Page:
Next, we tested the linearity of female responses by replacing the reference pattern of 25 pulses s−1 with stimuli of either 19 or 36 pulses s−1. These stimuli were chosen because they had an intermediate, but similar attractiveness (c.f. Fig. 2A, triangles and diamonds in Fig. 2C,D mark turning responses for a choice between patterns that had the same attractiveness i.e. 19 and 36 pulses s−1, the triangle indicates the pulse rate of the reference pattern). Females maintained their preference for pulse rates of 25 pulses s−1 during the simultaneous as well as the alternating playback situation, as indicated by the negative turning responses (Fig. 2C,D). During presentation of equal pulse rates from both speakers, females exhibited no significant turning response (see triangles in Fig. 2C,D). Also, at less-attractive pulse rates, females showed no significant turning response except for the alternating playback with a reference pattern of 19 pulses s−1 (Fig. 2D). Here, females preferred the standard pattern with 19 pulses s−1 over the alternative pattern with 46 pulses s−1 and 63 pulses s−1, as indicated by the positive turning responses.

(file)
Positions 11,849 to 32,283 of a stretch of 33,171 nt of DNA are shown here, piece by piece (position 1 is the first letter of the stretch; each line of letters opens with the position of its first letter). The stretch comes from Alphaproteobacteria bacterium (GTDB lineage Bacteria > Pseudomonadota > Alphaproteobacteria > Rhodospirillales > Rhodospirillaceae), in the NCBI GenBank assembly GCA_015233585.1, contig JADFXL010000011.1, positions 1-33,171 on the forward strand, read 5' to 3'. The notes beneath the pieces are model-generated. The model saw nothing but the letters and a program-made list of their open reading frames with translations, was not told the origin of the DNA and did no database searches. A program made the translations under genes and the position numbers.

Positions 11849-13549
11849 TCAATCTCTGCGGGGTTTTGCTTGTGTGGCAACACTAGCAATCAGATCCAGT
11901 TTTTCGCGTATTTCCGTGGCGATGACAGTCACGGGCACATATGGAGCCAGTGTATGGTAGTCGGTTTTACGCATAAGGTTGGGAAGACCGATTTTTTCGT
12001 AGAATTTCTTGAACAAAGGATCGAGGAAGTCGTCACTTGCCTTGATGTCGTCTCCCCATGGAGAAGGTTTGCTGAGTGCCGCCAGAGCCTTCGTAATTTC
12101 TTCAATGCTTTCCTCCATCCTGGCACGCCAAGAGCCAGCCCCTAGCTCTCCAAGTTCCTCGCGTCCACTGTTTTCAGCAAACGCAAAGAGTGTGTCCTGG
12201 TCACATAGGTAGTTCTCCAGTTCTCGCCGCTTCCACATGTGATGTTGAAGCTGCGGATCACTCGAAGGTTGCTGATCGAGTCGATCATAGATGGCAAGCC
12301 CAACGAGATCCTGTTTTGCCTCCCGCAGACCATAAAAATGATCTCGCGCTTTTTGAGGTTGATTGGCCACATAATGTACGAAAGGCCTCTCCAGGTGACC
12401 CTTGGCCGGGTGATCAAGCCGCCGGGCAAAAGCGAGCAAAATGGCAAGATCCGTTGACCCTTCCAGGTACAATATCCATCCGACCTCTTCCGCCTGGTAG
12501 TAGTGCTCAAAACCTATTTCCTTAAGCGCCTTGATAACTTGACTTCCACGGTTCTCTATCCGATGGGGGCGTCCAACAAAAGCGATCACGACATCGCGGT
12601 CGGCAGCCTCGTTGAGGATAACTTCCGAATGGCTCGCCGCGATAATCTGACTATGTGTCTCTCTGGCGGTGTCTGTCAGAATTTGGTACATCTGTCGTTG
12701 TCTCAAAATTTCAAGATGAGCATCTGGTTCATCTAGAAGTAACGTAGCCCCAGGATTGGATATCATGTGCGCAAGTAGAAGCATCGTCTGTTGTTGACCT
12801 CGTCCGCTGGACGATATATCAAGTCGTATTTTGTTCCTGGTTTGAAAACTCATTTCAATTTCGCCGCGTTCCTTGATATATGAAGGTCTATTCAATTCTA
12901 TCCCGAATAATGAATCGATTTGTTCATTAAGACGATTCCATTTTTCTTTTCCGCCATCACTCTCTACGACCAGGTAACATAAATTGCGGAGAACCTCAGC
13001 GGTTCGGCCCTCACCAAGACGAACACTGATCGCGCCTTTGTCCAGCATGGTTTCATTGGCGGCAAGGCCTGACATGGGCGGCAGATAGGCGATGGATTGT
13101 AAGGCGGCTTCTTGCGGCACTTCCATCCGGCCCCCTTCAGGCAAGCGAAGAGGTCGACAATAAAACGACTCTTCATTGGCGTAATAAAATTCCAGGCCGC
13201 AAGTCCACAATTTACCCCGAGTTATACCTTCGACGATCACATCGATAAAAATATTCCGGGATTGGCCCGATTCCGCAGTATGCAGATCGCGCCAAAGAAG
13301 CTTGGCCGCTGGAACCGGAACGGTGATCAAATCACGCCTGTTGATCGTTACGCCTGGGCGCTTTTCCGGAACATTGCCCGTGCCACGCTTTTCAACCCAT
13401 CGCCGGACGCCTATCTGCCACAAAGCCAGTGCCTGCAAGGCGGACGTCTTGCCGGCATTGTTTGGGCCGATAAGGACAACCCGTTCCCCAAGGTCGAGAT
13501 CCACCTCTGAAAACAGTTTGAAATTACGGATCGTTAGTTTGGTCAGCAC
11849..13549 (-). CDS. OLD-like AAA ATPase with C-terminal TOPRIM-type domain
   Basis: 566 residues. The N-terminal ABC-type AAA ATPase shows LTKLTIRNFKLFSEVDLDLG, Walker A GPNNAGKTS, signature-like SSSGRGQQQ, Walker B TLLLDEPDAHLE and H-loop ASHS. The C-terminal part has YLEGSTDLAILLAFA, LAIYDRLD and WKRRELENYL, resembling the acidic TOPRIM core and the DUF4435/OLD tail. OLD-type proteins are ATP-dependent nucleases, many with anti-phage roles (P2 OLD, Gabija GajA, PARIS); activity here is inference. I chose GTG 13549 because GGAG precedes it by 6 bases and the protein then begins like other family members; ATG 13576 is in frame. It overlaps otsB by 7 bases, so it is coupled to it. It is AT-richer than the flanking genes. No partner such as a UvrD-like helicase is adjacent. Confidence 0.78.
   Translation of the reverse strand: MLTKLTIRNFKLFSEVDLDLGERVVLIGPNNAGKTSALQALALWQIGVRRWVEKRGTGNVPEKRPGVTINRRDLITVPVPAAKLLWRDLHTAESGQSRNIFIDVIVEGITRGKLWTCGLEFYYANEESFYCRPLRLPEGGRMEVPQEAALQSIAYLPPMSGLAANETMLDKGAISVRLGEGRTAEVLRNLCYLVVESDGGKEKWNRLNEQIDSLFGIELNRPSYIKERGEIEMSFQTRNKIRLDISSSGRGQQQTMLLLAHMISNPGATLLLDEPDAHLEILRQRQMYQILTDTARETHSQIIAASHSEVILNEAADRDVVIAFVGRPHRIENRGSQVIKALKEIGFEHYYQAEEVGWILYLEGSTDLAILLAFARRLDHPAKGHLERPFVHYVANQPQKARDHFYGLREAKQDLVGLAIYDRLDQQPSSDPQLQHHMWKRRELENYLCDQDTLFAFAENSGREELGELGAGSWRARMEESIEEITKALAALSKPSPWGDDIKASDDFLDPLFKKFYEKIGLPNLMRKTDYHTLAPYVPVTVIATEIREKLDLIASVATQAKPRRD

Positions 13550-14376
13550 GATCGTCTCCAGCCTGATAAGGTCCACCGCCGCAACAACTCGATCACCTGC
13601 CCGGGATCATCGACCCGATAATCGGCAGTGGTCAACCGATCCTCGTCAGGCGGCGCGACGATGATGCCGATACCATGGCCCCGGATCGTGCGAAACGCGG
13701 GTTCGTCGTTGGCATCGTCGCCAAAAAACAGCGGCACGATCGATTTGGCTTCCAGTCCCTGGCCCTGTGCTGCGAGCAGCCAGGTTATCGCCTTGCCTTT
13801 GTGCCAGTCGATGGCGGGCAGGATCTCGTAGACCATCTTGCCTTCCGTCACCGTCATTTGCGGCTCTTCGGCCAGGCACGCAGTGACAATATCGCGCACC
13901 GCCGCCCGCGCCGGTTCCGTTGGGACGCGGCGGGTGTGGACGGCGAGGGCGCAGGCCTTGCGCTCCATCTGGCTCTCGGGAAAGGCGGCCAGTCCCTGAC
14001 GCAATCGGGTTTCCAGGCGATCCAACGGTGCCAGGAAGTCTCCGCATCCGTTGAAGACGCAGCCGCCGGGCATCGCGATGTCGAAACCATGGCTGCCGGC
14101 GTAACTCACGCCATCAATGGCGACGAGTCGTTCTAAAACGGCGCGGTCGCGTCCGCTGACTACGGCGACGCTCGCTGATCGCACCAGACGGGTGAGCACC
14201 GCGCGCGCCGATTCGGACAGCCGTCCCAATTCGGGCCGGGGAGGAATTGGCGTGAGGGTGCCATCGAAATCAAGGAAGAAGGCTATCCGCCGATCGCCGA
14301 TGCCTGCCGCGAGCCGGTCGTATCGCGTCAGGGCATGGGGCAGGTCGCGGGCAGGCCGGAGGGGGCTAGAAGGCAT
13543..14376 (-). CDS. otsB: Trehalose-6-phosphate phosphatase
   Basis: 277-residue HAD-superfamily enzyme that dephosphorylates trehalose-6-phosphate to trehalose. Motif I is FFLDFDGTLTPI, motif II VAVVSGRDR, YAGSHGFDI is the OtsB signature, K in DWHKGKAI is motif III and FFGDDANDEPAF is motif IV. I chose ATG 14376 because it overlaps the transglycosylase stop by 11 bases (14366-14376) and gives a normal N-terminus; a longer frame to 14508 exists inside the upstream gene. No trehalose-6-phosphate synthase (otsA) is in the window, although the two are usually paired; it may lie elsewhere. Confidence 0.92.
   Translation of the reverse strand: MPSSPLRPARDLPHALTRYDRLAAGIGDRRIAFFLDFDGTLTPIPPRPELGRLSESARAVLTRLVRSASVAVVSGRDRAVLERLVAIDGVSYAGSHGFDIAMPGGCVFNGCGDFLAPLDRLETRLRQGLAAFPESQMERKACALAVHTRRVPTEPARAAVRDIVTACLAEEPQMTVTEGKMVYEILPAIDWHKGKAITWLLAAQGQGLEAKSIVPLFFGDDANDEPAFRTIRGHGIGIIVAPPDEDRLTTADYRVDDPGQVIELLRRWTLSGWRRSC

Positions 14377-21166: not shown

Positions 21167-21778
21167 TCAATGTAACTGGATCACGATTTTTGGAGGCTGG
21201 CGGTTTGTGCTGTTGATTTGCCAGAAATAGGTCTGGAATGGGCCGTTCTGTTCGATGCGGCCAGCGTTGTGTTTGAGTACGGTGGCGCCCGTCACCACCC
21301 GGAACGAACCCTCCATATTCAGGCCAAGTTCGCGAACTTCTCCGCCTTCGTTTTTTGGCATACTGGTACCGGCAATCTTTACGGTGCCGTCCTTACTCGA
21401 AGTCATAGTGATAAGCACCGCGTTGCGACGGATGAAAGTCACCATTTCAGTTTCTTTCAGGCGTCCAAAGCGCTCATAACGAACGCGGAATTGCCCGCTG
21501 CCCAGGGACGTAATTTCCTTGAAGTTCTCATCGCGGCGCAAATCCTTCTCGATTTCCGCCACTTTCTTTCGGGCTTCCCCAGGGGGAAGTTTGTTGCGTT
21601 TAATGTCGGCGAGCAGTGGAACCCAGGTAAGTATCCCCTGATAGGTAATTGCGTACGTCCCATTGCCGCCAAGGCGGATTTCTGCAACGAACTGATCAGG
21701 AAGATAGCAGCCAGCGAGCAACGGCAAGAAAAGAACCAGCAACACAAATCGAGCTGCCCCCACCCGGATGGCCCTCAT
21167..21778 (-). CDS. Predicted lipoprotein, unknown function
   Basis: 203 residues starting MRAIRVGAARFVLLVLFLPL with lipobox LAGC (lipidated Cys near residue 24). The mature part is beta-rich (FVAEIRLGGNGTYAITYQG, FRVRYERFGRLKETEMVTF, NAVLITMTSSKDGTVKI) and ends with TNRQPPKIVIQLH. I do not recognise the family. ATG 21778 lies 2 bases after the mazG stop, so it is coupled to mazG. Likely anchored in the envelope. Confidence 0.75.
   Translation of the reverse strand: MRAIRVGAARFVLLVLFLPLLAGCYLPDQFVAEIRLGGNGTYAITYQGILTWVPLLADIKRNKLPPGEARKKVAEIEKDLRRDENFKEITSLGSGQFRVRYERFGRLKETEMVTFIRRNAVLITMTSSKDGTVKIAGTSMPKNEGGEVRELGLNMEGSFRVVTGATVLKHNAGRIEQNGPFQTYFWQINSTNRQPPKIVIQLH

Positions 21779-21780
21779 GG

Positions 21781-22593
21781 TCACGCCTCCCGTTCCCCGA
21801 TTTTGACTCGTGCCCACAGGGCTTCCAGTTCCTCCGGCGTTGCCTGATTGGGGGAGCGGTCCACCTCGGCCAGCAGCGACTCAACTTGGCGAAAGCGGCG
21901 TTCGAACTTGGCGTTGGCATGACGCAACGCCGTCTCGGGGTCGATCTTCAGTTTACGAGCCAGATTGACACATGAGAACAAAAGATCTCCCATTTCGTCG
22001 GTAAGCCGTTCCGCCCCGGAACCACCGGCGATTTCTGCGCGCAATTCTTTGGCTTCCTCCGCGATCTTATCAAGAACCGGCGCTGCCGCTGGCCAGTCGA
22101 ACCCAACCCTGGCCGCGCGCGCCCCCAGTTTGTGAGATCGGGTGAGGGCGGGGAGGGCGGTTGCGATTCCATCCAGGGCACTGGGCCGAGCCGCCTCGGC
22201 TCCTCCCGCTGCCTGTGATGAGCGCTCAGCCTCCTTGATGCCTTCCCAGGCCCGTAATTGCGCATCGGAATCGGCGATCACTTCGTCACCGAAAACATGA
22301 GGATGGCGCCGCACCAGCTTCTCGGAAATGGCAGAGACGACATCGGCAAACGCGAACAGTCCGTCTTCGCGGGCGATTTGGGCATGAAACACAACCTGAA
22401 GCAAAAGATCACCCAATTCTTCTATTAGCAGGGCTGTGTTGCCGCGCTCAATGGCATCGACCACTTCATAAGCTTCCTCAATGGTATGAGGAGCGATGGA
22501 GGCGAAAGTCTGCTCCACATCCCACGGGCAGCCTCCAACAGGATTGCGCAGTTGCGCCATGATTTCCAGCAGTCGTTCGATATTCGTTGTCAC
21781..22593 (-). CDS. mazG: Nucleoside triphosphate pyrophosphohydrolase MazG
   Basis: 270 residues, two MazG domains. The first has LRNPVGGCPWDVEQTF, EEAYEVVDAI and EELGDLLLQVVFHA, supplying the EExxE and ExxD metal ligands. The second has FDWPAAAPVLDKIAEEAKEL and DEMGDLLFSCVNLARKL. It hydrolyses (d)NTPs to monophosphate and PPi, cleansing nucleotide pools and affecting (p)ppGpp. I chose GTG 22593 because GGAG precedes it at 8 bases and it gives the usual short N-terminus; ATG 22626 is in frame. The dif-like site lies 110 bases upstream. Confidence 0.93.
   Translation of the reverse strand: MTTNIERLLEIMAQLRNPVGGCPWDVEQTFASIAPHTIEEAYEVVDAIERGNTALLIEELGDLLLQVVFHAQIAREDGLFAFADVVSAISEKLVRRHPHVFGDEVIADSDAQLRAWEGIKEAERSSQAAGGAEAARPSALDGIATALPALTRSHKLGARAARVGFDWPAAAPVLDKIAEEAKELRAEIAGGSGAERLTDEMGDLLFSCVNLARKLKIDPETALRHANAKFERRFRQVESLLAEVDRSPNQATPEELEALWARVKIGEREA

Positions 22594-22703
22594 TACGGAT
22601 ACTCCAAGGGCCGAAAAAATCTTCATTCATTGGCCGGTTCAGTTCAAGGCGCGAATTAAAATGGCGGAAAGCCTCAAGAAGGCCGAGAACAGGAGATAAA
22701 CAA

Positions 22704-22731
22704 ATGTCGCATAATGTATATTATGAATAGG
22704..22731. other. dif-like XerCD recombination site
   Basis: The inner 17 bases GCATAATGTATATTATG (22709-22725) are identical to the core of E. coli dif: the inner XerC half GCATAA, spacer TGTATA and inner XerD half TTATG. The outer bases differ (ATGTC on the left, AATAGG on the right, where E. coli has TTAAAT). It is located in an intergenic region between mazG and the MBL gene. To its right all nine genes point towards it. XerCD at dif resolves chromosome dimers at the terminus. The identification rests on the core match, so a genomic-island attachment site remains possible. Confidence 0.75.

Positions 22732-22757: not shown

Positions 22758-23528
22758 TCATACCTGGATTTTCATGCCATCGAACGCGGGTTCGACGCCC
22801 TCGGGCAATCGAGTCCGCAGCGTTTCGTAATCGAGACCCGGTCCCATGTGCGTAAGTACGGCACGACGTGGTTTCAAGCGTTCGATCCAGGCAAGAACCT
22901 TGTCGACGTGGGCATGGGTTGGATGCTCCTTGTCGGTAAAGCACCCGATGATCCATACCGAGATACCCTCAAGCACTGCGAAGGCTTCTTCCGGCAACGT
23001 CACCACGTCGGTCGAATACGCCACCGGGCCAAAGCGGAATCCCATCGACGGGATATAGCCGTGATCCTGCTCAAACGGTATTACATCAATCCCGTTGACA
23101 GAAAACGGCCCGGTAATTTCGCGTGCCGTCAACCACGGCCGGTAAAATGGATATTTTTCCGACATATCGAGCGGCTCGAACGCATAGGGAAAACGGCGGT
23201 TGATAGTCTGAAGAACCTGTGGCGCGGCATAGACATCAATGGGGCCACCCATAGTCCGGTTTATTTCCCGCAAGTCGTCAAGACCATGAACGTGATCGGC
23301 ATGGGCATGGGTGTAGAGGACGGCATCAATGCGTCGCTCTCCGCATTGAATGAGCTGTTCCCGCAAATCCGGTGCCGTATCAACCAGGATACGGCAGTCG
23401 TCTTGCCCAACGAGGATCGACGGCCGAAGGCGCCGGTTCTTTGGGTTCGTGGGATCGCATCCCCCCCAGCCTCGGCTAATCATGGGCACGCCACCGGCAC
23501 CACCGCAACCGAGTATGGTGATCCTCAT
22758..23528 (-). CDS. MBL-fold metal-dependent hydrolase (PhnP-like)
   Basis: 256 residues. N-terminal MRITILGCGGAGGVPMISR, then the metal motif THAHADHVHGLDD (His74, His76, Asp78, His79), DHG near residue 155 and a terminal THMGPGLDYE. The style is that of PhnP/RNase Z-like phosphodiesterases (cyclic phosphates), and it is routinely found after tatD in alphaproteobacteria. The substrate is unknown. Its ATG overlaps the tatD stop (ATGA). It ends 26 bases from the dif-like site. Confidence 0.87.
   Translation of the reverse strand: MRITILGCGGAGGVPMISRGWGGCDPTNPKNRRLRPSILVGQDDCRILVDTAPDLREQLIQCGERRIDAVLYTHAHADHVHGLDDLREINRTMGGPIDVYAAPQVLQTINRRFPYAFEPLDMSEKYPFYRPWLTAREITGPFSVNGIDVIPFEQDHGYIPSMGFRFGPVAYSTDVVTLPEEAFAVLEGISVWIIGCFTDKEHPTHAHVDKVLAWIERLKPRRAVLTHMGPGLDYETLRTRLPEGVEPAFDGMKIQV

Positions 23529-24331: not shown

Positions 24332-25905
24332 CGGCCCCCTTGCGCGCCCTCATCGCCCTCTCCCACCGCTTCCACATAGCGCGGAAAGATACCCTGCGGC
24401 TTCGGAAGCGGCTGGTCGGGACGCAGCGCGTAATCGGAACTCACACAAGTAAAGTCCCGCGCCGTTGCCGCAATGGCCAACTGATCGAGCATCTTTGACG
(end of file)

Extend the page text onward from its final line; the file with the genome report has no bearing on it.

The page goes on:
To determine whether the behavioural tuning for pulse rate is the same in no-choice and choice situations, the responses of the choice experiments in Fig. 2B–D were compared with the responses of the inverted reference function from no-choice tests (calculated from Fig. 2A, grey line in Fig. 2B) as in Fig. 1B. The slopes of the regression functions obtained from all three choice experiments (Fig. 2B–D) are plotted in Fig. 2E,F. All slopes were smaller than 1 (between 0.43 and 0.67 for simultaneous presentation of chirps, and between 0.60 and 0.81 for alternating chirps and not significantly different for simultaneous, P=0.29–0.37 or alternating stimuli, P=0.054–0.85) indicative of a wider preference for pulse rates in a choice situation (compare black dashed line in Fig. 1A,B). In Fig. 2E,F data points are shown only for tests with the most-attractive reference pulse rate of 25 pulses s−1 from Fig. 2B, as only then did the regression intercept the ordinate at zero. For other reference pulse rates as in Fig. 2C,D, the regression functions revealed similar slopes but were shifted to lower values, because of the lower attractiveness of the reference pattern (Fig. 2E,F).